Return of the expats

by 10 Jun 2008

EXECUTIVE EXPATS in New York and London are returning home earlier than expected in the face of global financial market instability.

As a result of the growing global credit crisis and continued market uncertainty, Australian businesses are luring highly skilled banking and finance executives back to the Australian market as Europe and the US see a decrease in executive searches.

The Association of Executive Search Consultants (AESC) indicates that executive search activity in the financial services sector globally has decreased 7.2 per cent in the past twelve months.

The Asia Pacific region, however, is facing the highest level of talent shortage for C-Suite hires of any major market in the world, with predictions that it will continue for another decade. The region recorded the greatest increase in number of searches internationally – up by 8.5 per cent.

“It’s good for Australia, as we are getting access to some of that expat talent earlier than expected – which wouldn’t have happened had the markets not turned,” said Amanda Williams, partner of executive search firm Johnson.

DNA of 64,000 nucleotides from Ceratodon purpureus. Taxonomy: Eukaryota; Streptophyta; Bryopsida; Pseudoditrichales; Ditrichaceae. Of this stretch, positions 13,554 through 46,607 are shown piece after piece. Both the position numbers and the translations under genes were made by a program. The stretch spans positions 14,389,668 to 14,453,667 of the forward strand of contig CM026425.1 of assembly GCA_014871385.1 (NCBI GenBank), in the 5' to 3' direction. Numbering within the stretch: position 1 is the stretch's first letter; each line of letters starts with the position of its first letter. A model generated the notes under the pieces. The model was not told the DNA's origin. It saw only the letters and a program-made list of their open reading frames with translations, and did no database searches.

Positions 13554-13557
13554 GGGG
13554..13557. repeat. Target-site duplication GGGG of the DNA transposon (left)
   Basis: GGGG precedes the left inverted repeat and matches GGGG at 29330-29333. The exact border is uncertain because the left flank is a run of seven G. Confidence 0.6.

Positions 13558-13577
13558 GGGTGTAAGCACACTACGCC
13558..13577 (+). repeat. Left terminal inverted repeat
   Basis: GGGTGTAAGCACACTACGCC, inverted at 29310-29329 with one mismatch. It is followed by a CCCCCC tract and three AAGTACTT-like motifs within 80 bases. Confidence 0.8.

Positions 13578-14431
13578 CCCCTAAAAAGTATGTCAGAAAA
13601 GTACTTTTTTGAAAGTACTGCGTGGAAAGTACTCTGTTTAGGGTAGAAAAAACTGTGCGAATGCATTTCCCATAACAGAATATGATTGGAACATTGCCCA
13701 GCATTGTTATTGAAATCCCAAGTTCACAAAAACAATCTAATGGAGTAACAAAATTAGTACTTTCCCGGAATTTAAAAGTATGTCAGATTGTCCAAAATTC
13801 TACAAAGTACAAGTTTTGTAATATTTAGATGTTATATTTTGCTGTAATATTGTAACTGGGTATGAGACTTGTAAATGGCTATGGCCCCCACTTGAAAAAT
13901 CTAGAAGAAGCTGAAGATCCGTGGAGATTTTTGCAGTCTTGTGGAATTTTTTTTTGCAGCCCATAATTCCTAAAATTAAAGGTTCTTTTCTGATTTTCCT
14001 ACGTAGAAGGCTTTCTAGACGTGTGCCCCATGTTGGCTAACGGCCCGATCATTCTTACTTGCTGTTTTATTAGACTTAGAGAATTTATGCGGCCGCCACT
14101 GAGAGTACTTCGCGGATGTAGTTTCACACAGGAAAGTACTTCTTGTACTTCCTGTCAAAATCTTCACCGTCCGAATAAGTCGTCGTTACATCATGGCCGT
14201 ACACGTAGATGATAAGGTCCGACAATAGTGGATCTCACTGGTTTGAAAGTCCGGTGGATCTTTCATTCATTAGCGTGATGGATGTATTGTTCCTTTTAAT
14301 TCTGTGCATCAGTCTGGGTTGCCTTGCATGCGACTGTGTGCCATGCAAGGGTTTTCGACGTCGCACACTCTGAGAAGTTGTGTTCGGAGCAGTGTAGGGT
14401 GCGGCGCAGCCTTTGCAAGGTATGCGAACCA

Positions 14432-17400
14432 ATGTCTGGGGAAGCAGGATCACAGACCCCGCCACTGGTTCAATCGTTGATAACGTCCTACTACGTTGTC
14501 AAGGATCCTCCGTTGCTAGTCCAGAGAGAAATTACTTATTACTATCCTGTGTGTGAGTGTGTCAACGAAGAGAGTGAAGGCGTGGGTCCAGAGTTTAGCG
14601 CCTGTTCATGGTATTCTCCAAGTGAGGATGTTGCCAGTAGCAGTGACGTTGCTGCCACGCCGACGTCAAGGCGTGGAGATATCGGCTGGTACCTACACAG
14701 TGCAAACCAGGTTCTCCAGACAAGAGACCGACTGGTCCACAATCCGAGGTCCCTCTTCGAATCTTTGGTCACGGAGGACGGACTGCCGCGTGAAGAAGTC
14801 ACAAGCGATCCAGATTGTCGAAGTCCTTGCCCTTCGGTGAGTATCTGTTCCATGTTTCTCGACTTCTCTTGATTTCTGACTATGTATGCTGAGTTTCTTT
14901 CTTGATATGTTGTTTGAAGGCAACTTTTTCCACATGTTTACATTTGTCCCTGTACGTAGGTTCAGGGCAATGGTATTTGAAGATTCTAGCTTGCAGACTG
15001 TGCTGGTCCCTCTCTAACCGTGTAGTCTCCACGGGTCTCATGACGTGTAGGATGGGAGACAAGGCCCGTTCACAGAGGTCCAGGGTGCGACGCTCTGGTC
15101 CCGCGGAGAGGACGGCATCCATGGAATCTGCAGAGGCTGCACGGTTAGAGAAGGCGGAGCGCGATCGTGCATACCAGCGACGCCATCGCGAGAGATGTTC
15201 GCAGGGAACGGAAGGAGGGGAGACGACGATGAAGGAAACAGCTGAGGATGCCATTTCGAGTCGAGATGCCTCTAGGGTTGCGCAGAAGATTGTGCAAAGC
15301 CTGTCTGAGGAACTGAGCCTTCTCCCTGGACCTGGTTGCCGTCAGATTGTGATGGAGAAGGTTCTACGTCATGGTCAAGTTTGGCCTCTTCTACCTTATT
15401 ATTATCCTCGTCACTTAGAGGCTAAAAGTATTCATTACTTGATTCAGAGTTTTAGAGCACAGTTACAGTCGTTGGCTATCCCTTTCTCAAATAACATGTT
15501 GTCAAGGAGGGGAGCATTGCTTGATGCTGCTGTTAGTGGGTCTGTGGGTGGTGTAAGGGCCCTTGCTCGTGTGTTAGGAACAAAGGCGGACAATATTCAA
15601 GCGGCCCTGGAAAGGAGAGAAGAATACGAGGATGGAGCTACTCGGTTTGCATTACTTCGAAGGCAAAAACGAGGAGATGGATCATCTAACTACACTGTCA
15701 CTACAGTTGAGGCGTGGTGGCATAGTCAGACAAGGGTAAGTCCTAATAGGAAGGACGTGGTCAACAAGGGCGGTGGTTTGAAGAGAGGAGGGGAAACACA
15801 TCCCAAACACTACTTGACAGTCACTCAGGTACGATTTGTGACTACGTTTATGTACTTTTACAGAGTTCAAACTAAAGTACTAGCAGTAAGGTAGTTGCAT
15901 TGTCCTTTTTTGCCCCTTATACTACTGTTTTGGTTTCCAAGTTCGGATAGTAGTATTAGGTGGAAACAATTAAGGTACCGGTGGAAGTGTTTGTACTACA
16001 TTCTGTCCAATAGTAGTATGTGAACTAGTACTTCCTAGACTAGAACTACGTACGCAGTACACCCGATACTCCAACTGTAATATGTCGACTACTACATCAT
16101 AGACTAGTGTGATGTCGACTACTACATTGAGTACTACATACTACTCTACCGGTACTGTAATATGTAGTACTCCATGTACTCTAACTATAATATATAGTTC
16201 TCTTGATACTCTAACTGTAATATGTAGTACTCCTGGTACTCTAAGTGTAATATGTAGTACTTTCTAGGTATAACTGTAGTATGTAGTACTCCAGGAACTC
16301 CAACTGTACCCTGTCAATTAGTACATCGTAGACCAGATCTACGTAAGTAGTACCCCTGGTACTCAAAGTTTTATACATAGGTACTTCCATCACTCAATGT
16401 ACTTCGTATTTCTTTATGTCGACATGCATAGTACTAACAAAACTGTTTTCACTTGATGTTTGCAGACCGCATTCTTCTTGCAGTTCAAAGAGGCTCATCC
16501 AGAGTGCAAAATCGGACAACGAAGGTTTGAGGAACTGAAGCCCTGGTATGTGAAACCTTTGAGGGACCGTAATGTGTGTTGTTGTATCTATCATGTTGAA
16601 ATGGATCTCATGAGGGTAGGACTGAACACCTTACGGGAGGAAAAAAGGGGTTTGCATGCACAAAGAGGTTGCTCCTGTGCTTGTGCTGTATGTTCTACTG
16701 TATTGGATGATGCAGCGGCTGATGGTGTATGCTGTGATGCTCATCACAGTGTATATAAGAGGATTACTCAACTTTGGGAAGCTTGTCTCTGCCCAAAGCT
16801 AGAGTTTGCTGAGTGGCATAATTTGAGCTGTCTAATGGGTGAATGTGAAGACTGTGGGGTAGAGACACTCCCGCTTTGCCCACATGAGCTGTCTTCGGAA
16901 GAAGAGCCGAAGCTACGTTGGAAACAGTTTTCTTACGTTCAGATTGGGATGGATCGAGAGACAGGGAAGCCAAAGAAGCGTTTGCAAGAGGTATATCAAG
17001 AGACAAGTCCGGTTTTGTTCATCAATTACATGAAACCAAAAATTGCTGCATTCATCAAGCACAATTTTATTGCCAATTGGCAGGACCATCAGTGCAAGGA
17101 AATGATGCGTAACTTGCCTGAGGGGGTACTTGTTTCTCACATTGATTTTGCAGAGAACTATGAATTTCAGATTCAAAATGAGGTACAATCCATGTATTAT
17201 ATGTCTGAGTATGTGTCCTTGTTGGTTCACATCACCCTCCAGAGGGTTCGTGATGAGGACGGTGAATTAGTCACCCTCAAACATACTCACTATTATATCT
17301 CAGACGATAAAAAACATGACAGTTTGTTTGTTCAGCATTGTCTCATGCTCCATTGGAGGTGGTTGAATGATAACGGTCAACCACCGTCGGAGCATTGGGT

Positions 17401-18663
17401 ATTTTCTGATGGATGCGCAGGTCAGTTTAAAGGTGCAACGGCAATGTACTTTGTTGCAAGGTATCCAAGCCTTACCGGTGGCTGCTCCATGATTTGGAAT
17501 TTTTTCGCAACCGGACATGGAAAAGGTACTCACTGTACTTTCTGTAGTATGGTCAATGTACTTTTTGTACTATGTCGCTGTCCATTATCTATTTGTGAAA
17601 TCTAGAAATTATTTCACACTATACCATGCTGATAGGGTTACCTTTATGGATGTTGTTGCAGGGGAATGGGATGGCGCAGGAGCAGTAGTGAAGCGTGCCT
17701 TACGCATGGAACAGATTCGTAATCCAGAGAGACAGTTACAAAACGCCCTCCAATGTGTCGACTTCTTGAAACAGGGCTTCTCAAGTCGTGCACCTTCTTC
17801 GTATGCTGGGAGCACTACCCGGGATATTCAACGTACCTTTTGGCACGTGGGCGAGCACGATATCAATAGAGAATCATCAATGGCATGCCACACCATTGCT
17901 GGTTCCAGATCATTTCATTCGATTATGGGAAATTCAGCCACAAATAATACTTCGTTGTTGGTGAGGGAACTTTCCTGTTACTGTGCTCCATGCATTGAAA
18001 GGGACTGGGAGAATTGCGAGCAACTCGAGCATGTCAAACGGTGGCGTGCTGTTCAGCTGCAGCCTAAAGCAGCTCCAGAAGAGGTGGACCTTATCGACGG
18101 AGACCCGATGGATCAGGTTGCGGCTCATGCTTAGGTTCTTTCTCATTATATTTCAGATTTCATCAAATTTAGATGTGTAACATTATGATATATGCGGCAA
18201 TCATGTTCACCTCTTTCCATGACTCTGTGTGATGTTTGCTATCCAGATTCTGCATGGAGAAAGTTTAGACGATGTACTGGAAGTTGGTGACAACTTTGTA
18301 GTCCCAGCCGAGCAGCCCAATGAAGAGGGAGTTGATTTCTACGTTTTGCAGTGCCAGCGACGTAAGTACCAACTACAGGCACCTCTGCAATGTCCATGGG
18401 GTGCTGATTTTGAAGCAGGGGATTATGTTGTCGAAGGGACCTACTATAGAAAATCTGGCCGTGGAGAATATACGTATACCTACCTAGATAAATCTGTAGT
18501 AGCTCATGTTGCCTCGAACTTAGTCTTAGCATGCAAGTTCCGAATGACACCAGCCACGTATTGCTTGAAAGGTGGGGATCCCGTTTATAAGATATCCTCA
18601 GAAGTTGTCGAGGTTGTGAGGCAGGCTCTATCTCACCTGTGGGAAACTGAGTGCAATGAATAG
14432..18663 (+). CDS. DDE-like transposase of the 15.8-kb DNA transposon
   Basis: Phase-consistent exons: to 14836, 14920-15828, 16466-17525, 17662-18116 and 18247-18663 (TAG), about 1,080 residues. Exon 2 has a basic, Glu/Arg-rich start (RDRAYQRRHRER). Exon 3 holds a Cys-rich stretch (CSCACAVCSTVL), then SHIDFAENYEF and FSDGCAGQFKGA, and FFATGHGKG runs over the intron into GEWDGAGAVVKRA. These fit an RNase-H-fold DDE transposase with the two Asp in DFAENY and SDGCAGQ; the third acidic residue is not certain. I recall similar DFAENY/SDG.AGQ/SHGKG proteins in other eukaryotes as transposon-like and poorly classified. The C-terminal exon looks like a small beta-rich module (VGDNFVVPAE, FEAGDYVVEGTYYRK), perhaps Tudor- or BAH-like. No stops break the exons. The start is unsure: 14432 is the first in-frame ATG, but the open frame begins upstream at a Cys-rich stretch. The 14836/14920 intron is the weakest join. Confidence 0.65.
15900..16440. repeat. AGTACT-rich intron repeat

“The upshot is that there has never been a better time to attract expat talent home. Markets forces are playing in our favour for organisations looking to hire in that area.”

While there were fewer searches in investment banking, capital markets and real estate, there is still a high global demand for executives in private banking, asset management, private equity and insurance. With lower global demand for these positions, Australian businesses face less competition when recruiting top talent executives in those fields.

While worries mount about the emerging markets of China and Indiaand the loss of top employees to them, the effects of their expansion are twofold. While some Australian executives flock to these areas, it is opening up positions for the returning experienced expats in the northern hemisphere.

According to Williams, the companies that are well positioned to capitalise on this are the financial services organisations that are headquartered out of Australia.

Some of the European and US investment banks are seeing hiring freezes as their operations here are being impacted by their parents’ troubles offshore.

Domestically domiciled investment banks are less affected by the activities offshore and can still make some proactive hiring decisions and attract top international or expat talent from those troubled offshore markets.

“What we have noticed is this year we have seen more Australian and New Zealander expats expressing the interest to come home; much more than even six months ago,” Williams said. “This is the talent we want back here.”


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